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University of Leeds


— Science

Mice brainpower boosted with alteration of a single gene

"Ignorance is bliss," so the old saying goes, but who wouldn't give their brainpower a boost if they had the chance? By altering a single gene to inhibit the activity of an enzyme called phosphodiesterase (PDE4B), researchers have given mice the opportunity to see what an increase in intelligence is like. While many people would welcome such a treatment, the scientists say their research could lead to new treatments for those with cognitive disorders and age-related cognitive decline.

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— Science

Magnetism generated in non-magnetic metals

By subtly altering certain quantum interactions in matter, scientists from the University of Leeds have shown for the very first time how to generate magnetism in metals that aren’t normally magnetic. Synthetic magnets made using this technique may one day reduce our reliance on rare or toxic metals in such things as wind turbines, computer hard drives and magnetic field medical imaging devices.

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— Medical

Gold nanotubes used to image and destroy cancer cells

For some time, the potential of gold nanoparticles as a diagnostics and imaging tool has been known to scientists, but new research suggests they could prove even more useful than previously thought. A team at the University of Leeds has discovered that shaping the particles in the form of nanotubes sees them take on a number of new properties, including the ability to be heated up to destroy cancer cells. Read More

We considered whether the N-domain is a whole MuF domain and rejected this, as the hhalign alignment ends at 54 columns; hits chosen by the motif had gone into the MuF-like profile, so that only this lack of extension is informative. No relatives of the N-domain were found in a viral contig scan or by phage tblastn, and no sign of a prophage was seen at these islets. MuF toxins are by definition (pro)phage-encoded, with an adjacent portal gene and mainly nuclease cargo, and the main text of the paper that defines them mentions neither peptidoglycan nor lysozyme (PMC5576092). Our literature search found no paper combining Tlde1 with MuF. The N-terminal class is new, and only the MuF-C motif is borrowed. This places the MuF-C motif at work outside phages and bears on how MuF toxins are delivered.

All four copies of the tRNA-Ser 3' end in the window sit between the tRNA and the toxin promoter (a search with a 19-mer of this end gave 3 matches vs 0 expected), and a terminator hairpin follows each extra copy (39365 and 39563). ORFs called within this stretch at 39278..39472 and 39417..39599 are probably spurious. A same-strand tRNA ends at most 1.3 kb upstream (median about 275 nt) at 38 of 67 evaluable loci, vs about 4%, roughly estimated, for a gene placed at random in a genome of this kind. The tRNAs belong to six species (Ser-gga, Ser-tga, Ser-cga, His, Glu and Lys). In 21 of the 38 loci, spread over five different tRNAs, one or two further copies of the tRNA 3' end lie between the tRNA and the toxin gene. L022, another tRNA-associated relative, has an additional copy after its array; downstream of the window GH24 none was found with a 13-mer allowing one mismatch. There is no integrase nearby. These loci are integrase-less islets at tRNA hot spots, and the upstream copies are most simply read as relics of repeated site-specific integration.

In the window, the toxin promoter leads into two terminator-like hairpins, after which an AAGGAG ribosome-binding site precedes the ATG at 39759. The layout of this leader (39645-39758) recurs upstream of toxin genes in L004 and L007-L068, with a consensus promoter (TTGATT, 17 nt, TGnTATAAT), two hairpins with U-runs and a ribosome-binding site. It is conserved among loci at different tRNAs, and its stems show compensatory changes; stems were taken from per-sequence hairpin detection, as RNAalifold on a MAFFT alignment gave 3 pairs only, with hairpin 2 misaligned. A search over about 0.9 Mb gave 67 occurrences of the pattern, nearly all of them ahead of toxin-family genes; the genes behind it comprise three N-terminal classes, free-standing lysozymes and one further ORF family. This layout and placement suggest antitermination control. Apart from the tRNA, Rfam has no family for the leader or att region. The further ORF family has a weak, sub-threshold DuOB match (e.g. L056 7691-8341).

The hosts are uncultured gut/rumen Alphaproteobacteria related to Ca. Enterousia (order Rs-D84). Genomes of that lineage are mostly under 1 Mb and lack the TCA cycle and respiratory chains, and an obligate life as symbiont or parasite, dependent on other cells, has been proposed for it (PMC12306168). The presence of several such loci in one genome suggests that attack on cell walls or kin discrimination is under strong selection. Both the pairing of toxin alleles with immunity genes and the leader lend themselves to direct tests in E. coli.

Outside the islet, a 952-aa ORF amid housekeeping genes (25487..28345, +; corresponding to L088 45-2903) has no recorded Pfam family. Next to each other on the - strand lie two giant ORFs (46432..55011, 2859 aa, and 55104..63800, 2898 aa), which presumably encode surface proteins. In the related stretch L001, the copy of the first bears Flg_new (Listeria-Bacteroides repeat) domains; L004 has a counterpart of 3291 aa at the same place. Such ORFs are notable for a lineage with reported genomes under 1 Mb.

— Good Thinking

Mathematical model could streamline the development of new plastics

When it comes to the development of new plastics, two things have generally happened – a plastic is created and then a use is found for it, or a long trial-and-error process is undertaken in order to create a plastic with specific qualities. In a move that has been described as “comparable to cracking a plastics DNA,” however, scientists at the University of Leeds and Durham University have created a mathematical model that should allow specialty plastics to be created much more quickly and efficiently. Read More
— Electronics

New polymer gel for cheaper, flexible lithium ion batteries

Lithium-ion batteries have certainly been a boon to electronic devices, offering much longer run times than their alkaline counterparts. There is still room for improvement, however. Existing lithium batteries can short circuit, they don't stand up to damage, and they can only be made in a limited variety of shapes. Now, scientists from the University of Leeds have developed a polymer gel that could be used to make lithium batteries with none of those shortcomings - plus, they should be cheaper. Read More
— Health and Wellbeing

Doing away with the dentist’s drill by helping teeth regenerate themselves

The fear of having a mechanical drill crammed into one’s mouth is enough to keep many people from regularly seeing a dentist. New technology developed by researchers at the University of Leeds that is based on knowledge of how the tooth forms in the first place could soon be providing a pain-free way of tackling the first signs of tooth decay. It uses a peptide-based fluid that is literally painted onto the tooth’s surface to stimulate the tooth to regenerate itself. Read More
— Health and Wellbeing

New ‘gene therapy’ vaccine approach gives hope in fight against cancer

Using a virus containing a ‘library’ of DNA, researchers from the University of Leeds in the U.K., working with the Mayo Clinic in the U.S., have developed a vaccine that was able to destroy prostate cancer tumors in mice, while leaving healthy tissue untouched. Because the virus contains multiple fragments of genes, the vaccine is able to produce many possible antigens thereby boosting its effectiveness. The technique could be used to create vaccines to treat a wide range of cancers, including breast, pancreatic and lung tumors. Read More
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